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Yongye International, Inc. Message Board

  • univisionjunkie univisionjunkie Feb 3, 2011 11:57 AM Flag

    Report on China Agritech

    Interesting report on China Agritech - http://www.zacherykouwe.com/1/post/2011/02/is-china-agritech-a-scam.html (FD: No position)

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    • HG:

      It is true that liquifying coal is expensive. However, where did you get the idea that coal liquification is required for production of humic acid from weathered coal?

      Here is a link discussing the process: http://www.anl.gov/PCS/acsfuel/preprint%20archive/Files/07_1_CINCINNATI_01-63_0018.pdf

      The report specifically details the chemical process used to retrieve humic acid from 'weathered' coal.

      Here is a link talking about Leonardite and other varieties of oxidized coal and humic acid production: http://previsemanufacturing.com/Library/Leonardite.htm

      On the other hand, coal liquification is being pursued largely as a way to use coal to generate power while allowing greenhouse gases to be sequestered vs. released into the atmosphere. At this point, power plants are still building conventional coal burning plants because of the expenses involved in operating that type of plant. If Cap and Trade ever gets inflicted, the cost difference could dwindle and/or reverse.

      All: Beware of HG's theories. He tends to grab onto ideas that seem to support his point of view, and runs with them, despite thier validity.

    • fulvic acid (YONG) is more refined than humic acid (CADC and CGA), as it is made from humic acid, and posses properties the less refined humic acid does not.

    • I am not an investor in CGA or CAGC, I am in Yong, but if thwey dont really have a business like the report says, that knocks out at least a competitor, I remember the CFO mentioned one of these by names as a competitorbut dont remember which one. Turns out the houji award and harvard award and the partnership with the farmers daily, even if seem like fluff PRs guarantees yong is legit at the very least. And if competitors get taken out can only be good in the long term maybe not so good in the short term. Or the report is fake, who knows anymore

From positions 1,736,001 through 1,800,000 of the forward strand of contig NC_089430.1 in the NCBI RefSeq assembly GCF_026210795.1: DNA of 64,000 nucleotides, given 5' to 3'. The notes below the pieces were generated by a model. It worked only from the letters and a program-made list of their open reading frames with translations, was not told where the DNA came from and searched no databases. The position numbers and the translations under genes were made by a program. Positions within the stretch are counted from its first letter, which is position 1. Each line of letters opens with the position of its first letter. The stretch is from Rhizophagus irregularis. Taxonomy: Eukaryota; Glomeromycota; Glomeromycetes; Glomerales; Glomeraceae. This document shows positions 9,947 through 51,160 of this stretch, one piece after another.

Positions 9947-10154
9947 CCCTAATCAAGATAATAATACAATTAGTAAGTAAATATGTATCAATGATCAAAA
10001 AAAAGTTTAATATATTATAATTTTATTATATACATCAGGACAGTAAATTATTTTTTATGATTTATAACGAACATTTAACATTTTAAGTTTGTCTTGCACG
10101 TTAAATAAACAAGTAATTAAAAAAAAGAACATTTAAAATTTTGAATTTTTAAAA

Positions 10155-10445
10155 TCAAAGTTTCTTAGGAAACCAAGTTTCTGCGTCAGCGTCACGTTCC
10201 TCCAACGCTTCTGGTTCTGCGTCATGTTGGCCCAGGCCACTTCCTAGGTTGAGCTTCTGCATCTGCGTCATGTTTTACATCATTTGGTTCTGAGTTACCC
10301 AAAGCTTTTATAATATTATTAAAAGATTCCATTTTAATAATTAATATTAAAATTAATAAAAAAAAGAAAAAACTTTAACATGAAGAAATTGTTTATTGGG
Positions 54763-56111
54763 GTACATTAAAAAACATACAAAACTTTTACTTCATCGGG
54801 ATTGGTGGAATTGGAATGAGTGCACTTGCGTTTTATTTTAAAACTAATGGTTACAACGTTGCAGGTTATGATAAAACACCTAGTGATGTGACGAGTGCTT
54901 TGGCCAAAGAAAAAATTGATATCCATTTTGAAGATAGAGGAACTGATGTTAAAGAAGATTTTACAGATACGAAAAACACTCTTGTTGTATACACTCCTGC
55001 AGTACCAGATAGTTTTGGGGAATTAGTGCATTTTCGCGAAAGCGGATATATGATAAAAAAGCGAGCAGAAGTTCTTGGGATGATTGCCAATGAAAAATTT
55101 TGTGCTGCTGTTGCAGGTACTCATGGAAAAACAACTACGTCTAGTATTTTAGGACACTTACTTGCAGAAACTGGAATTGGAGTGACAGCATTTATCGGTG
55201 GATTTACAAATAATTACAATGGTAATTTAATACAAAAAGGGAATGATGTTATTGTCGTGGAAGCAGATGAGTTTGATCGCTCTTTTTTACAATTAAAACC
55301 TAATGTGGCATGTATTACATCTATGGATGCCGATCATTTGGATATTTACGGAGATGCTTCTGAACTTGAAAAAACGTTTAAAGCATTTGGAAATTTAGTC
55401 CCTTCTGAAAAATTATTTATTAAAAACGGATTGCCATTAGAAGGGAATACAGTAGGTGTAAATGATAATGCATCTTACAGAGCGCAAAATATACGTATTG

• What needed to be done by big shareholders in CGA and CAGC is now a must:

      Go to China, and ask the management to demonstrate, in person, the humic acid manufacturing facilities in action. And ask some qualified chemical engineers from the US to assist in the investigation.

      That is the only way to resolve it.

    • Check this out, newbies and uneducated on coal to liquid:

      http://www.caer.uky.edu/catalysis/coal-to-liquids.shtml

    • Here's a theory of mine on both CGA and CAGC - just a theory based on my research in making fulvic acid.

      What if both CGA and CAGC would turn out to be cheating on making humic acid by themselves, instead of buying it directly from some real manufacturers in China?

      Understand my basis is here: there isn't a well documented "cheap" process in liquefying coal. B/c the US has struggled for the last 20 years and the Congress still haven't approved the needed $bln investment on the liquefying facility yet, and the few companies doing it have been losing big money.

      So, how was it possible that those two little companies in China was able to do it "cheaply" in liquefying brown coal?